Side note: He got caught with his head down at one point, but Will Lockwood had a solid second period in which he threw his weight around quite a bit.
Bo Horvat took a penalty after he cleared the puck over the glass from his own end with just under four minutes remaining in the second.
The Canucks killed off the penalty, and Elias Pettersson nearly brought the Canucks within one heading into the third.
He came in off the rush and snapped the puck between Husso’s legs. Unfortunately for Pettersson and the Canucks, the puck hit the post behind Husso and stayed out.
The Canucks generated plenty of shots on goal in the second, but still remained down by a pair heading into the third.
The Blues got some puck luck after hemming the Canucks in their end early in the third. Vladimir Tarasenko banged home a loose puck that took a weird bounce off of Halak to make it 3-0 Blues.
“I didn’t think I brought it today,” said J.T. Miller, who was on the ice for the Blues’ third goal. “I just wasn’t as engaged as I needed to be for some reason. Maybe a little tired, but I’ve got to take some of the onus on myself to play a bit better.”
Shortly after, local boy and Burnaby Express legend Brad Hunt led the Canucks on a 3-on-1 alongside Juho Lammikko and Alex Chiasson.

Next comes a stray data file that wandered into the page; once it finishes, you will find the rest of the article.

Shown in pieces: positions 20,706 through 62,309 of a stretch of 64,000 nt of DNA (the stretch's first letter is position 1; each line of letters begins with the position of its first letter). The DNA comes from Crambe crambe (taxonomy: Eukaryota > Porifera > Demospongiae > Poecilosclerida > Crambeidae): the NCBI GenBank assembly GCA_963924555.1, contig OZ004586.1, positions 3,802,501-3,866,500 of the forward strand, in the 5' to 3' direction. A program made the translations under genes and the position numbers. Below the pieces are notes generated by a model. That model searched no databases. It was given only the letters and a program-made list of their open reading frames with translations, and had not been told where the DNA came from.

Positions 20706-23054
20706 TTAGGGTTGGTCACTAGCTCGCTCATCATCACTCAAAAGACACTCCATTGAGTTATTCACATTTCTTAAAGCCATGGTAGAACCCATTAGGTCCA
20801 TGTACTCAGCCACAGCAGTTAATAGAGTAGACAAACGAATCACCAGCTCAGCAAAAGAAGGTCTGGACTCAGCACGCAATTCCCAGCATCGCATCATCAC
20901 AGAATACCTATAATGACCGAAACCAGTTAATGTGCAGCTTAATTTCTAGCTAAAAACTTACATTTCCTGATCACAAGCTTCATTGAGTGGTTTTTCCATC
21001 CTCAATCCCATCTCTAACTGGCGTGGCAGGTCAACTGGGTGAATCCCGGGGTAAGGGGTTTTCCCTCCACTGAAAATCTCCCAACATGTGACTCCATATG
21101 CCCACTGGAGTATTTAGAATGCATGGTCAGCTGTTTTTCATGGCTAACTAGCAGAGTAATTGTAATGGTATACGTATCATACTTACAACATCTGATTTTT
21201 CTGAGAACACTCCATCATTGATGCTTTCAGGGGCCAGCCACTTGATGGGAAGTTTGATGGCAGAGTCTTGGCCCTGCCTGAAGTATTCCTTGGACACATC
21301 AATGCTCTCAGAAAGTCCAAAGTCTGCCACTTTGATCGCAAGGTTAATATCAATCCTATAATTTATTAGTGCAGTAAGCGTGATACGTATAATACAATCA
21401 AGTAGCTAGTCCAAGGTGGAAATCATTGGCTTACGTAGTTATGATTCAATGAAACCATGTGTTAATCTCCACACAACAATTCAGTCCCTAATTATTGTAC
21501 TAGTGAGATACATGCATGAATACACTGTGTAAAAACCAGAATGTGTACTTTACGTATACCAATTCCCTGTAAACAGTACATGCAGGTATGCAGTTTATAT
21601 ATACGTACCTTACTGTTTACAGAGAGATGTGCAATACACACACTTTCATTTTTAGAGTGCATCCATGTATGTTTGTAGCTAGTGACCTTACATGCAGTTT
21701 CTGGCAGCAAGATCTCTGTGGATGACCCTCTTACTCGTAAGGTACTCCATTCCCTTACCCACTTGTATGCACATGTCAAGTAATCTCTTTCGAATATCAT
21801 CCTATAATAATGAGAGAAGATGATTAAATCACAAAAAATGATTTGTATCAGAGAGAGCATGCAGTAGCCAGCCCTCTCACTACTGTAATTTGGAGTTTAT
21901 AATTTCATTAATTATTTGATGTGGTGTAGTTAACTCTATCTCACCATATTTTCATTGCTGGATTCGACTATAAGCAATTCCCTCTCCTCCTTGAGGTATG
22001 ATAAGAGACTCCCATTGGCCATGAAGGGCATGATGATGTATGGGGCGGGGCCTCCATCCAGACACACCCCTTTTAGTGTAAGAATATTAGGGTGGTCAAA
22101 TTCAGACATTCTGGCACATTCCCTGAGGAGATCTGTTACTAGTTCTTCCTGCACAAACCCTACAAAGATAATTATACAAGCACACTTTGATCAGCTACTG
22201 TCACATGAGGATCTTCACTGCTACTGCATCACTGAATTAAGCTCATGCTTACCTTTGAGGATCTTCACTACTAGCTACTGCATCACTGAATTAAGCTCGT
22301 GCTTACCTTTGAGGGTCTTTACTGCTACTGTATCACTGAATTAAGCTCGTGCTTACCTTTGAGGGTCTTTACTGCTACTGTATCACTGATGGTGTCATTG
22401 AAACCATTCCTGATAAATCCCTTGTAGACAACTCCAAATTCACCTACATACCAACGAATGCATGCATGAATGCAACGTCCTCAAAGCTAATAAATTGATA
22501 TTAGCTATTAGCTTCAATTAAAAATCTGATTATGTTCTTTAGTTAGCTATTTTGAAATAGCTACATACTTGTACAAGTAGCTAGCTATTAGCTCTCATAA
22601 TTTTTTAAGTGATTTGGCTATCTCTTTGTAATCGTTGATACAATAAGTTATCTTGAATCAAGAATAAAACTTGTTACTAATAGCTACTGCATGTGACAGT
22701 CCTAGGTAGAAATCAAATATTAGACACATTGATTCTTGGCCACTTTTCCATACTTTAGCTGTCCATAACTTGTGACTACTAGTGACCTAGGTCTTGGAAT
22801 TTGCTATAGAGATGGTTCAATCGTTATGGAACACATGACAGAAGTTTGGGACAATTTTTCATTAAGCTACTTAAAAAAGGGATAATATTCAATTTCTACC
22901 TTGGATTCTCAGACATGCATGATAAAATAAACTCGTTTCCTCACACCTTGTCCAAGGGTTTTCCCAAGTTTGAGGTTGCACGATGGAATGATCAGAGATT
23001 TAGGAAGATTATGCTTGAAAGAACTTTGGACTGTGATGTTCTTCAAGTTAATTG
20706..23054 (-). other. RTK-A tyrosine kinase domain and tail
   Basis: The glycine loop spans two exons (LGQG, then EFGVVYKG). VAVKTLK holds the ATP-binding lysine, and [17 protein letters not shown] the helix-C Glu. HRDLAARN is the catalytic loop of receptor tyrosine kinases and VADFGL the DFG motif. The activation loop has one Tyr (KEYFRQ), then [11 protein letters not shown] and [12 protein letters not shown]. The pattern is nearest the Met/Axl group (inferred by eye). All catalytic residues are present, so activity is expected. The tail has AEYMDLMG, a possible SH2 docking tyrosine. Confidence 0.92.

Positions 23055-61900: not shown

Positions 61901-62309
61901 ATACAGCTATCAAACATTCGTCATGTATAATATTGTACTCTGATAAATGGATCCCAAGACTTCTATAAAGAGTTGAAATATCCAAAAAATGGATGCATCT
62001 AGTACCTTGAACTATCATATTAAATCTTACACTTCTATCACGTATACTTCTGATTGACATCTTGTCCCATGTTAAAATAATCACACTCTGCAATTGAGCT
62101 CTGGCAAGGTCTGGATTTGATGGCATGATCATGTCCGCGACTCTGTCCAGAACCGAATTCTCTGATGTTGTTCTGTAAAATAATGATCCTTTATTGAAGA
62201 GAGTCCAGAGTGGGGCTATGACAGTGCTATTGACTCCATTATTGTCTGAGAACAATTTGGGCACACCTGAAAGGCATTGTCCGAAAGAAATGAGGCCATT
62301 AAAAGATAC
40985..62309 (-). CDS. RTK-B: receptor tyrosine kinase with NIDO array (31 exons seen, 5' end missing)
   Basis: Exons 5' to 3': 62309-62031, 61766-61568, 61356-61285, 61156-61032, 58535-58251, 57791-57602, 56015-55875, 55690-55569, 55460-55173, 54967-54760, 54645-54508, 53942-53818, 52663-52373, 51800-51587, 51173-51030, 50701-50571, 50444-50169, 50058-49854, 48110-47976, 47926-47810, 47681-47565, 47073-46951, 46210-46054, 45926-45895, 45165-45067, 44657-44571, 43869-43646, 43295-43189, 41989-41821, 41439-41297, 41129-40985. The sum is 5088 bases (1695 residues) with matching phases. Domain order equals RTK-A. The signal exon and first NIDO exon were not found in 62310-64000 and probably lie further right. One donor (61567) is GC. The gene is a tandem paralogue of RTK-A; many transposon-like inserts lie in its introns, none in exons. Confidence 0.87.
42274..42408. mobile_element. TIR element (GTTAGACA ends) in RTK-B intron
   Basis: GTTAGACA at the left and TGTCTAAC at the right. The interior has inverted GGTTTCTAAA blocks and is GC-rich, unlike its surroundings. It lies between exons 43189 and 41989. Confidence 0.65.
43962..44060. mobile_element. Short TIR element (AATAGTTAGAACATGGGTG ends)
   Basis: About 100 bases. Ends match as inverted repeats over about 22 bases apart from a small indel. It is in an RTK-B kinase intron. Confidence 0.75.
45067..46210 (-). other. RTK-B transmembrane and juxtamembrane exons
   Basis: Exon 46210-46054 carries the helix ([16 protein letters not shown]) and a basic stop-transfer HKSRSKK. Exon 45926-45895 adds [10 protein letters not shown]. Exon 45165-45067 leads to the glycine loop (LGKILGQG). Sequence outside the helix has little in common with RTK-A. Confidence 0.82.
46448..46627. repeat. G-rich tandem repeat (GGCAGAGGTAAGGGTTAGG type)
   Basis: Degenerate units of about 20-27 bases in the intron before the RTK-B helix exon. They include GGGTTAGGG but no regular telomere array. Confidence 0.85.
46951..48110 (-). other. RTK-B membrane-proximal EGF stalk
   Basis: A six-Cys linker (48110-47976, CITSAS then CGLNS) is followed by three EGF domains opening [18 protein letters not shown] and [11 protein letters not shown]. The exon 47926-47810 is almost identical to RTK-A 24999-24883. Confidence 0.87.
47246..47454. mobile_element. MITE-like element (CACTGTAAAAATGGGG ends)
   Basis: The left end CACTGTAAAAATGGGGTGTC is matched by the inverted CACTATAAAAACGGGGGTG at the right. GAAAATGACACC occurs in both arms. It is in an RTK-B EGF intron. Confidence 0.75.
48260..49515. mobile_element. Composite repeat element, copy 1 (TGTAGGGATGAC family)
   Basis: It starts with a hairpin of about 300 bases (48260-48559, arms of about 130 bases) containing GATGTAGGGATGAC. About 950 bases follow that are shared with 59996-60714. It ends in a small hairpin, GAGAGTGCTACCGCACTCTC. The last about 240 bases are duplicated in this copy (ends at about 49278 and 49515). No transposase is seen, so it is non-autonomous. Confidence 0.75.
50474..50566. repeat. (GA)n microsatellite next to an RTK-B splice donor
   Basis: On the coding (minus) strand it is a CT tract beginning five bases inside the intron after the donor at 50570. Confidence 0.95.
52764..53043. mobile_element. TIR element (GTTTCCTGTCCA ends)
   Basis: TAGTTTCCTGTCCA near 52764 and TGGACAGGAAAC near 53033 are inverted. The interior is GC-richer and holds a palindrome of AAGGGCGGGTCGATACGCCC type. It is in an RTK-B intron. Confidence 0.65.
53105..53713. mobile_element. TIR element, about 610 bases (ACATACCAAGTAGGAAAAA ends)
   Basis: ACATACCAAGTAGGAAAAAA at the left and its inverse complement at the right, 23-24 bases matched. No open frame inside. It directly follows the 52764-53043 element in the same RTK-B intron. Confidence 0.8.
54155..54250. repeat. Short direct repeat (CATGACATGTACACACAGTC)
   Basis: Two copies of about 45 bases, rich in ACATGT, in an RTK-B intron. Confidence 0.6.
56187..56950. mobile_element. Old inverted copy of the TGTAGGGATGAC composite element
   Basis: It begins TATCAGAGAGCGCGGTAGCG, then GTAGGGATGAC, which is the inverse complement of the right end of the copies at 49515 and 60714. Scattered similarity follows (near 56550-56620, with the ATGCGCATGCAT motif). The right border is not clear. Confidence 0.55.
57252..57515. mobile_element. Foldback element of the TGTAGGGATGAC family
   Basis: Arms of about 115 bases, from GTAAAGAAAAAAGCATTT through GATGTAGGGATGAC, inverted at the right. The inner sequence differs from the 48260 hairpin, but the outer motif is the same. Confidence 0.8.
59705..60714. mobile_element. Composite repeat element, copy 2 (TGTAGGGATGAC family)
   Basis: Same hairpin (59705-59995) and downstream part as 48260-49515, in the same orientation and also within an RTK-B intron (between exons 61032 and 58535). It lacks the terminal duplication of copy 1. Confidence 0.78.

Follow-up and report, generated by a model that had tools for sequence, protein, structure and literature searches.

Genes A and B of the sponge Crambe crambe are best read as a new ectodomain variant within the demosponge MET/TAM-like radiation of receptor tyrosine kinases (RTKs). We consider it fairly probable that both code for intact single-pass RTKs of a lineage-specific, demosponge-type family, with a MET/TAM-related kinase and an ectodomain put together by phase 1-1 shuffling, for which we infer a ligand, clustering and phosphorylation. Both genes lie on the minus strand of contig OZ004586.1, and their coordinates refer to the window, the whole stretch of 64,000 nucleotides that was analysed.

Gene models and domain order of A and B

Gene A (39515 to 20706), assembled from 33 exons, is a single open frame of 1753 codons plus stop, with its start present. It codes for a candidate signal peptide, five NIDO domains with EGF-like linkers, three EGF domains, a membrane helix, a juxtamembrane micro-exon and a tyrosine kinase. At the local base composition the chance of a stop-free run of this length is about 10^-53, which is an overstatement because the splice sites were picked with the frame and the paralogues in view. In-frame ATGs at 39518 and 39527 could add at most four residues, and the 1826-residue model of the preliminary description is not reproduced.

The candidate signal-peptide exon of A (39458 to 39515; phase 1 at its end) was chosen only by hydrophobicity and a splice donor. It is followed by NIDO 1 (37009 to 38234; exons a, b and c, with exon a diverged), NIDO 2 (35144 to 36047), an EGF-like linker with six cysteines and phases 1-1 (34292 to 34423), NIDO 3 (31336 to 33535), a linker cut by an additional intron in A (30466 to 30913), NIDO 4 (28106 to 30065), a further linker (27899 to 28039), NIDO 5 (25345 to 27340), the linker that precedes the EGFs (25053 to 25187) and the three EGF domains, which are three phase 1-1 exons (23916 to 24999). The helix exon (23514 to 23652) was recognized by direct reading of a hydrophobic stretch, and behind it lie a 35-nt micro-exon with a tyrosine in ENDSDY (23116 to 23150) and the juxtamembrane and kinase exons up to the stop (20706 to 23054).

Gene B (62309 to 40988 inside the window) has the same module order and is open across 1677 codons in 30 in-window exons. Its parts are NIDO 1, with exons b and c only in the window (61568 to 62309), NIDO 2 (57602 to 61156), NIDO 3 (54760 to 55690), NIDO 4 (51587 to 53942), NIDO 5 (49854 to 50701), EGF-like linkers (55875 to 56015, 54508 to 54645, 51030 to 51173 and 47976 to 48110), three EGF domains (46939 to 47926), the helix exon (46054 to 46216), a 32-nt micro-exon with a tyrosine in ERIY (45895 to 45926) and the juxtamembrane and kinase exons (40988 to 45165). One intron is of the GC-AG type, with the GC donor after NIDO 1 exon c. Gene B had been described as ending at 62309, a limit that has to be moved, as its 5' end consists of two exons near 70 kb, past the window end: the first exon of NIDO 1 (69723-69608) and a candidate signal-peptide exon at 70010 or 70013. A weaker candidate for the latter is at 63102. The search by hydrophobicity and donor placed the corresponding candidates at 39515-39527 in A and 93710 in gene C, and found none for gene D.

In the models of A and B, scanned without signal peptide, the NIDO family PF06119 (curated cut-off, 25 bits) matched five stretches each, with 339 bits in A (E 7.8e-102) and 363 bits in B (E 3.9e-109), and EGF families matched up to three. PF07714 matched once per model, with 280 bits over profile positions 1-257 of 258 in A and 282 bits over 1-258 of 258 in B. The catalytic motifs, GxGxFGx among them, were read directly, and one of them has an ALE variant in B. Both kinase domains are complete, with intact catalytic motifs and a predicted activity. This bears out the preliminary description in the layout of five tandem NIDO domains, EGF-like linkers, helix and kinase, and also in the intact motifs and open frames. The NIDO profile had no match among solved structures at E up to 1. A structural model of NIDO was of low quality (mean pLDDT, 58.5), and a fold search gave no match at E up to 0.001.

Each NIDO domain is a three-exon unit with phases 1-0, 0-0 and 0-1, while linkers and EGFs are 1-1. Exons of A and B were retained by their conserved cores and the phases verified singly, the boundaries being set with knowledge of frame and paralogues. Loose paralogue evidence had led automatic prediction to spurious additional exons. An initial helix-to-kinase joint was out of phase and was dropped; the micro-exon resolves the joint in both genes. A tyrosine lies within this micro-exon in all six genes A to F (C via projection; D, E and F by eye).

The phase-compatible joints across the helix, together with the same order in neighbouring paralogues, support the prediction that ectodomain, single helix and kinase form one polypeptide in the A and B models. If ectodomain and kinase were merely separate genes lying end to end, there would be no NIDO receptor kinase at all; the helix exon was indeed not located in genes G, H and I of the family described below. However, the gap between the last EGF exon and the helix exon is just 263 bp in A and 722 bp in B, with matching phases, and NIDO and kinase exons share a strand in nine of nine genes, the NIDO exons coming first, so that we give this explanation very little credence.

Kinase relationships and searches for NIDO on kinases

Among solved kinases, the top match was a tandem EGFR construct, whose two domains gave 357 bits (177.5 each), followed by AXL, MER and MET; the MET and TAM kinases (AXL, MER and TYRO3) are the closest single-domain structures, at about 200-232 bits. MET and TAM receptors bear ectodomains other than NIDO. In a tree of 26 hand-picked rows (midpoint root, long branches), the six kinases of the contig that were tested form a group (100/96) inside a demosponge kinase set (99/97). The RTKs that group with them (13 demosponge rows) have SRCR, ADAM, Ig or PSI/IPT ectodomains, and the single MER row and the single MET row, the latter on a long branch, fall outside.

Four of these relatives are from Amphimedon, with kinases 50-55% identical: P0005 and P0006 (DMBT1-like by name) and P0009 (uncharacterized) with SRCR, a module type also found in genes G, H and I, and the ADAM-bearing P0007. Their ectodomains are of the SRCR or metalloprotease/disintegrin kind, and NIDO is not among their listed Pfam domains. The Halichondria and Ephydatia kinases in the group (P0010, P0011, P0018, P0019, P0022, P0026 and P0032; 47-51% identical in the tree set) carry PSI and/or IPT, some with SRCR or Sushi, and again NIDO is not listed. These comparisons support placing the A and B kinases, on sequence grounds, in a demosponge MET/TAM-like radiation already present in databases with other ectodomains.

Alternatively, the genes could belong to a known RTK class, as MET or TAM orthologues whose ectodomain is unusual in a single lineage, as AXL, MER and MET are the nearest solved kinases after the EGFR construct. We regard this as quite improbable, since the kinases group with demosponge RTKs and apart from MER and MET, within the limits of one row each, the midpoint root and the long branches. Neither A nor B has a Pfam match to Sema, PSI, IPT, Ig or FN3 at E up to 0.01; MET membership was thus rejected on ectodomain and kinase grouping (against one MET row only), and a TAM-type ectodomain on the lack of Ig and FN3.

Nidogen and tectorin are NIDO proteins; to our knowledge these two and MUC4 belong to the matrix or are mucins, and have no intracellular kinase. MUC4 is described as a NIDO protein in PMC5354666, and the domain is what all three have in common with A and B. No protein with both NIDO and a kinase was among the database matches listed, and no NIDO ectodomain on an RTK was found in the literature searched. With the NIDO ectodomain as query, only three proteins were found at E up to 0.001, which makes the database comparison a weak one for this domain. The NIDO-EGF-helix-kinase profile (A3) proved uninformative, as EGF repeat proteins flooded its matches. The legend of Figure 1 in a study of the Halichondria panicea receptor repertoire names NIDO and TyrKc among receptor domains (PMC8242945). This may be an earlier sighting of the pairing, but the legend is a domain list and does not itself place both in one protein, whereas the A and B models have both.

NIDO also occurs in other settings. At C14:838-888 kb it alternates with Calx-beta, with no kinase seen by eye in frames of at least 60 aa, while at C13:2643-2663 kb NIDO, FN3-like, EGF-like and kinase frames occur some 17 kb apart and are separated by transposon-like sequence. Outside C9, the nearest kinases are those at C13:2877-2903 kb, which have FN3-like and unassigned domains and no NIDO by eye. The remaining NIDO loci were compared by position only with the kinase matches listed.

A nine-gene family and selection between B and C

Like he was back ripping short side cheese on the nets at Bill Copeland, Hunt beat Husso to get the Canucks on the board. 3-1 Blues.
Nick Leddy was called for a slash on J.T. Miller to give the Canucks another power play and another chance to trim the St. Louis lead further.
Halak — yes you read that right, Halak — had to make two huge saves as the Blues were the ones that generated the best chances of the Canucks’ two-minute man advantage.
Brad Hunt took a penalty with just under ten minutes remaining as the Canucks attempted to play catch up.
The Canucks killed off the penalty, and with over three minutes remaining, pulled their goalie in a last-ditch attempt to close out this road trip by gaining ground in the standings.
Instead, Vladimir Tarasenko tallied the 500th point of his career by burying an empty netter and putting the icing on the cake.
4-1 Blues final.
The Canucks finish the road trip with a very respectable five of a possible eight points against some rather tough opponents.
That’s all fine and dandy, but the math continues to look daunting for the Canucks, who have — give or take — three or four regulation losses left to give this season to truly stay in the playoff hunt.
“I didn’t think we were very good tonight,” said head coach Bruce Boudreau post game. “We came up really flat in the first period and got behind two goals, giving them a little life. I thought our second period was better, but we didn’t get rewarded for it. And then when they score in the first shift of the third period, I just didn’t think we had enough guys playing with the sense of urgency that is needed at this stage of the season.”
With 14 games remaining, that certainly seems daunting, but stranger things have certainly happened.
The Canucks have to go 11-3-0 to close out the season just to get to 95 points. Even then, there’s no guarantee that’ll be good enough to secure a playoff berth.
These two teams will do it again on Wednesday night when the Blues visit Vancouver to kick off the Canucks’ next homestand.